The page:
## Update 2: Hint

Since the bounty will be expired in 23 hours but nobody has figured out the answer so far, let me give a hint: moving the cursor with mouse, the code can be fixed within 5 keystrokes.

• Maybe it would help if you make your post self-contained. For instance, what equations you are trying to implement? What exactly is the problem (apart from it wouldn't work)? Notice that attached paper is not very informative, not even a single equation there. It is hard to fix something that is not even written out. Oct 16, 2022 at 8:08
• How you tried to run the c++ code to see if it is producing the right picture? Oct 16, 2022 at 8:12
• @yarchik According to my understanding, this algorithm is related to NS equation for incompressible flow (together with the mass continuity equation), but it doesn't solve the PDE in a rigorous manner, for example, it simulates the viscosity of flow by multiplying a Exp[-k dt mu] term to the velocity in frequency domain. The problem is, in principle we should get a simulation result similar to the GIF in the question, but currently the density plot of the calculated vorticity is vastly different from it. Oct 16, 2022 at 8:21
• I doubt that the code matches the visualization. The paper can handle only periodic BCs. Are you familiar with Fourier Pseudospectral methods? Oct 16, 2022 at 8:48
• @yarchik I'd argue the information is enough. The algorithm is published and in public. The question is why the implementation doesn't give a reasonable result? I admit the question is far beyond ideal. (That's why I didn't post it in past 9 years! ) But it's already an answerable question, it's just hard. Oct 16, 2022 at 9:27

I found the index should start from 0 instead of 1. This affects the (squared) wave number k.

x = Mod[i + n/2, n] - n/2;
y = Mod[j + n/2, n] - n/2;


Minus one and modify parameters, I got this

n = 64; dt = 0.3; mu = 0.0001; nt = 300;

vortex = Compile[{{v, _Real, 3}},
With[{n = Length@v},
Table[((v[[i + 1, j, 2]] - v[[i - 1, j, 2]]) -
(v[[i, j + 1, 1]] - v[[i, j - 1, 1]]))/2
, {j, 2, n - 1}, {i, 2, n - 1}]]];
arrayplot = ArrayPlot[#, DataReversed -> True, ColorFunction -> "Rainbow"] &;

vlst = Table[
Do[
Which[
i <= 1 + n/16,
v[[i, j]] = {0.1, 0.},
(i - n/4)^2 + (j - n/2)^2 <= (n/16)^2,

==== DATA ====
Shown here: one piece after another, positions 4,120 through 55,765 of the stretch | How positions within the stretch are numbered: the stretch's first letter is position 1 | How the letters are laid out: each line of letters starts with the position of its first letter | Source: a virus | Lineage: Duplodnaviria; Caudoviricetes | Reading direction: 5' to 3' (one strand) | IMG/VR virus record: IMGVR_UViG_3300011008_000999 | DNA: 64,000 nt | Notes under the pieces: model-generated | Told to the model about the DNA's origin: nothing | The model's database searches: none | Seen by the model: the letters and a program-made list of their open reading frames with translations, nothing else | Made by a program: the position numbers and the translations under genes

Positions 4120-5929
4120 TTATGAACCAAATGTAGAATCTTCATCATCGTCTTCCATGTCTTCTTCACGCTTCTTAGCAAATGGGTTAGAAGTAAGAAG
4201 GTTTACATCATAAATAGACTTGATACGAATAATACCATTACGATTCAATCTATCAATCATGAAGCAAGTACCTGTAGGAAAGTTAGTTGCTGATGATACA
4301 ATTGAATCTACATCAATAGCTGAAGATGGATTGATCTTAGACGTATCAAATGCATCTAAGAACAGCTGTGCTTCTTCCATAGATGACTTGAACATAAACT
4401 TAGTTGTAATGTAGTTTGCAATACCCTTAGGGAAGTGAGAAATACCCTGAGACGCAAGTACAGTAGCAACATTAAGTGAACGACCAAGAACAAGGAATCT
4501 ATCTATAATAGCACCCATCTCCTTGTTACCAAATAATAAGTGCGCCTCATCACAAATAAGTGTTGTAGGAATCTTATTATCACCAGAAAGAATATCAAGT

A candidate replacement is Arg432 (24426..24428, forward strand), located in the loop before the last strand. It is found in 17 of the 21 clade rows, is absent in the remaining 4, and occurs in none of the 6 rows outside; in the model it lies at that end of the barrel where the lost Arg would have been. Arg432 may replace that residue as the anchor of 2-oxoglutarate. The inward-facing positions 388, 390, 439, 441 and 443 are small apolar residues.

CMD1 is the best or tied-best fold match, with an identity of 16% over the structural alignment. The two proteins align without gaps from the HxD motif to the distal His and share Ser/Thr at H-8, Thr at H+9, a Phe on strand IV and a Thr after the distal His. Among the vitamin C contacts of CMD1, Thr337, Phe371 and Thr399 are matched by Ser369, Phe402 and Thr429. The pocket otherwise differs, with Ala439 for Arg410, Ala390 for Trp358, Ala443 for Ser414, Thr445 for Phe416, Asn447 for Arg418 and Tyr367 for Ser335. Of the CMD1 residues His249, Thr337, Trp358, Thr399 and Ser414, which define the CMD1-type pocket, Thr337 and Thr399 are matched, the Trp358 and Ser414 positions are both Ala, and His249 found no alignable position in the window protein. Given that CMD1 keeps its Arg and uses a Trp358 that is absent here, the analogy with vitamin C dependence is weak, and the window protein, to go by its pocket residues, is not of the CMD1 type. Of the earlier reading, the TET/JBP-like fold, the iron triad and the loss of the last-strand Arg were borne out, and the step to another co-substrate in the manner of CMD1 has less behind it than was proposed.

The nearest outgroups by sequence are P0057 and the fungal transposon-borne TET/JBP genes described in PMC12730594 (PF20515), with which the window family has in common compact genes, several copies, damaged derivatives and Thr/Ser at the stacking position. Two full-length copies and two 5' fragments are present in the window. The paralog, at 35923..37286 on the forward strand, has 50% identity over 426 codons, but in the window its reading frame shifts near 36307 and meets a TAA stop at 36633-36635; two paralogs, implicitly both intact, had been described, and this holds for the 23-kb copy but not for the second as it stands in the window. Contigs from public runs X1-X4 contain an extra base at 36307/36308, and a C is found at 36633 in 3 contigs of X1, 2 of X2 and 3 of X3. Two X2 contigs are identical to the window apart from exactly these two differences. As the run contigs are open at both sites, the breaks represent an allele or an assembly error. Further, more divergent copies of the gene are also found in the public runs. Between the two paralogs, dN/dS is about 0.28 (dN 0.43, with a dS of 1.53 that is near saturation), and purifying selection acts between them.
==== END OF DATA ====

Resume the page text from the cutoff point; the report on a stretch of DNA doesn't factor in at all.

v[[i, j]] = {0., 0.}
]
, {i, n}, {j, n}];
{ui, vi} = Module[{umat = #},
umat[[-1]] = umat[[1]];
umat[[All, -1]] = umat[[All, 1]];
ListInterpolation[umat, InterpolationOrder -> 1, PeriodicInterpolation -> True]
] & /@ separate@v;
v = Table[
{i2, j2} = {i, j} - n dt v[[i, j]];
{ui[i2, j2], vi[i2, j2]}
, {i, n}, {j, n}];
v = Fourier /@ separate@v // combine;
v = Table[
x = Mod[i + n/2-1, n] - n/2;
y = Mod[j + n/2-1, n] - n/2;
k = x^2 + y^2;
Exp[-k dt mu] If[k > 0,
(v[[i, j]] . {-y, x}/k) {-y, x},
v[[i, j]]
]
, {i, n}, {j, n}];
v = InverseFourier /@ separate@v // combine //Re
, {t, nt}]; // AbsoluteTiming


Is that all?

• Yes, this is the correct answer. Will award the bounty tomorrow morning. (You can set nt to 350 so we're within 5 keystrokes :) . ) Oct 24, 2022 at 15:09
• It is a nice solution (+1). Oct 25, 2022 at 5:27

Finally, rnotlnglgq finds the correct answer in time, so let me share my answer, too :) .

First I'd like to explain a bit more about the theoretical basis of the mass conservation correction in the algorithm, given the original paper is a bit brief. In 2D Cartesian coordinates, the continuity equation of incompressible flow is $$\newcommand{\f}{\frac}$$ $$\newcommand{\p}{\partial}$$ $$\f{\p u(x,y)}{\p x}+\f{\p v(x,y)}{\p y}=0$$

Now, if the $$(u(x,y),v(x,y))$$ field is well-behaved, and is periodic or defined on an infinite domain, then we can apply Fourier transform or finite Fourier transform to the equation and obtain

$$\omega _x \mathcal{F}_{x,y}[u(x,y)]\left(\omega _x,\omega _y\right) +\omega _y \mathcal{F}_{x,y}[v(x,y)]\left(\omega _x,\omega _y\right)=0$$

where $$\mathcal{F}_{x,y}[u(x,y)]\left(\omega _x,\omega _y\right)$$ stands for 2D Fourier transform/finite Fourier transform of $$u(x,y)$$. Clearly it's equivalent to

$$(\omega _x,\omega _y)\cdot (\mathcal{F}_{x,y}[u(x,y)]\left(\omega _x,\omega _y\right),\mathcal{F}_{x,y}[v(x,y)]\left(\omega _x,\omega _y\right))=0$$

i.e. the projection of 2D Fourier transform/finite Fourier transform of $$(u,v)$$ in $$(\omega _x,\omega _y)$$ direction should be zero, otherwise the continuity equation won't hold.

In the algorithm Fourier has been used for numerically calculate Fourier transform/finite Fourier transform, but the output of Fourier is arranged in a somewhat special way which is discussed in detail in e.g. this post, so we need to shift the frequency. This is incorrectly done in original code as

…
x = Mod[i + n/2, n] - n/2;
y = Mod[j + n/2, n] - n/2;
…


The correct one, as shown by rnotlnglgq, should be

…
x = Mod[i + n/2-1, n] - n/2;
y = Mod[j + n/2-1, n] - n/2;
…


or equivalently:

…
x = Mod[i - 1, nx, -nx/2];
y = Mod[j - 1, ny, -ny/2];
…